Alright, so just one more crazy one, but I think Blood Rage from 1987 might actually be a slasher classic that not enough people talk about. I first came to this movie earlier this year when I was researching an idea I had for movies that revolve around theaters or drive-ins. That’s where this movie begins as twins Terry and Todd are stuck in the back seat at the movies while their mom makes out with a dude! They get out of the car wander around and one of the twins straight up murders a teenager making time with his girl and then frame his own twin brother!
And that’s just the beginning. We jump into the future as one twin breaks out of the insane asylum on Thanksgiving and goes on an appropriately violent rampage. There are all kinds of wild acting and directing choices as identities switch and morph and the body count racks up. There’s a nice Blu-ray of this film out from Arrow right now that I’m thinking about adding to the old collection, but it’s also streaming on Amazon Prime and you should absolutely give it a watch.
Alright, now I’m moving into films that I think are just damn good. A buddy sent me the Scream Factory Blu-ray of Donald Cammell’s White Of The Eye which I got around to watching this year and became entranced by. On the surface this is a film about a guy who may or may not be the killer of many local women in Arizona, but there’s so much more to it, that it’s really hard to describe.
This is another film that I watched this year and found fantastic that still haunts my mind, while the story itself has kind of dissipated into the old mental ether. I do remember that it’s surprisingly violent, bloody and incredibly intense as you see some of the steps that a man took on his journey into destructive madness.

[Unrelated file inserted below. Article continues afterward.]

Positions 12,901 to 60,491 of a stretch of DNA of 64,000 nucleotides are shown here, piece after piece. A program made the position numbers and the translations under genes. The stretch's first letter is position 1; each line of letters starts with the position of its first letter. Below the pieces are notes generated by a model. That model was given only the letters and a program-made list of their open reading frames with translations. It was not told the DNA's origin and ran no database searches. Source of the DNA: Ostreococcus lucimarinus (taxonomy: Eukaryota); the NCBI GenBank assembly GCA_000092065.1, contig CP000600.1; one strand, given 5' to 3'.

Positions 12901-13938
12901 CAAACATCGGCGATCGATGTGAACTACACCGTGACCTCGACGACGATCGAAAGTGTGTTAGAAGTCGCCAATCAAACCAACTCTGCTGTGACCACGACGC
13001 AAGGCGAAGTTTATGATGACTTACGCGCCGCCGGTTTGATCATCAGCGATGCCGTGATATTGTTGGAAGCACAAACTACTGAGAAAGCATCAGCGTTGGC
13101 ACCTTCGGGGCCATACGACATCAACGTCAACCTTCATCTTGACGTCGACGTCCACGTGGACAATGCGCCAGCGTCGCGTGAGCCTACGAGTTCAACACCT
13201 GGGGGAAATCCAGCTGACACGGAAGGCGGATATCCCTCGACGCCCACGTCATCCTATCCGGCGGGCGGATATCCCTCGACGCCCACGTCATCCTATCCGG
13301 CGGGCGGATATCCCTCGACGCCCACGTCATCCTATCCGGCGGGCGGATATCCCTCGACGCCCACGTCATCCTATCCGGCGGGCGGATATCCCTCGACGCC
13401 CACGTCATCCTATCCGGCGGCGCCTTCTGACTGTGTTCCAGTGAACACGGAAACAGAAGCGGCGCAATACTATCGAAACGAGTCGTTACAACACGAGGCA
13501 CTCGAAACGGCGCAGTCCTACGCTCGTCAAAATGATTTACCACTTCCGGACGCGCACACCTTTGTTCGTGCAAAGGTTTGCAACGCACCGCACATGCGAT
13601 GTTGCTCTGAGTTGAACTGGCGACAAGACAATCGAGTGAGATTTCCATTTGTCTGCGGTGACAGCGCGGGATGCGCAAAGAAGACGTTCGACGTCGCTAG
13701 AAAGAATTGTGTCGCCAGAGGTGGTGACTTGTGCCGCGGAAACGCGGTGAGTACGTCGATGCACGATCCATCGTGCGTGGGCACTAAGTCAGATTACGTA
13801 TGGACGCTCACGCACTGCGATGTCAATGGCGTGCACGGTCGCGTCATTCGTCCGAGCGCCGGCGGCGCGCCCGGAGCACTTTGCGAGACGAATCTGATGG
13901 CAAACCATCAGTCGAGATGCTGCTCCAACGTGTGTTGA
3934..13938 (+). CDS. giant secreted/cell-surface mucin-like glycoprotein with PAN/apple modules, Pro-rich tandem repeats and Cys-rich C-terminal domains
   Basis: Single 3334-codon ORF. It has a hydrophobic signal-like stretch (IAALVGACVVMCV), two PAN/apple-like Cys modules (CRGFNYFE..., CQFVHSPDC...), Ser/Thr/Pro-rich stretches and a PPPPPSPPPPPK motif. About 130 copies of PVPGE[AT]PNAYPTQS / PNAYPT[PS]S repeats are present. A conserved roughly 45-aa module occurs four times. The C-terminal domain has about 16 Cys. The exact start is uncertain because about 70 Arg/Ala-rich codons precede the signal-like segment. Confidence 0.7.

Along with reading Desperation and watching Death Valley — another favorite that I discovered thanks to the fantastic offerings from Scream Factory — White Of The Eye greatly contributed to an intense desire to stay away from wide open desert like spaces…and also murderers.
Finally, I want to say that Joseph Zito’s The Prowler is a slasher classic that more people should talk about. I feel like I’ve always known about this 1981 horror flick with effects by Tom Savini — mostly from the iconic VHS cover — but don’t remember hearing much talk about it.
Kind of like My Bloody Valentine, the story revolves around a group of teenagers looking to have a good time at an event that happened to play host to a massacre decades earlier. In this case, the killer has a truly iconic look thanks to an outfit consisting of WWII fatigues, a helmet and a fully covered face.
Even better than one of the best looking slashers around, the villain of this piece does a wonderful job of stalking and killing kids just looking to have a good time whether that be in the dorm or in the nearby mansion which offers some of the film’s best and most intense scenes. Savini’s always fantastic gore and blood special effects add to that tension by showing how dangerous and deadly the stakes are.
As it happened, it took me several viewings to get through The Prowler the first time around. That’s because I can barely finish a film in one sitting anymore, but I’m very excited to revisit this one in a few months and actually watch it all in one sitting to see if I still feel the same way. Hopefully it’ll still be on Amazon Video at that point, but if not, I might need to get the Blue Underground Blu.
And there you have it, my favorite older horror discoveries of the year! I’m hoping to write more about the movies I watch here on the blog as they happen instead of trying to remember an entire year’s with of films! Thanks for reading!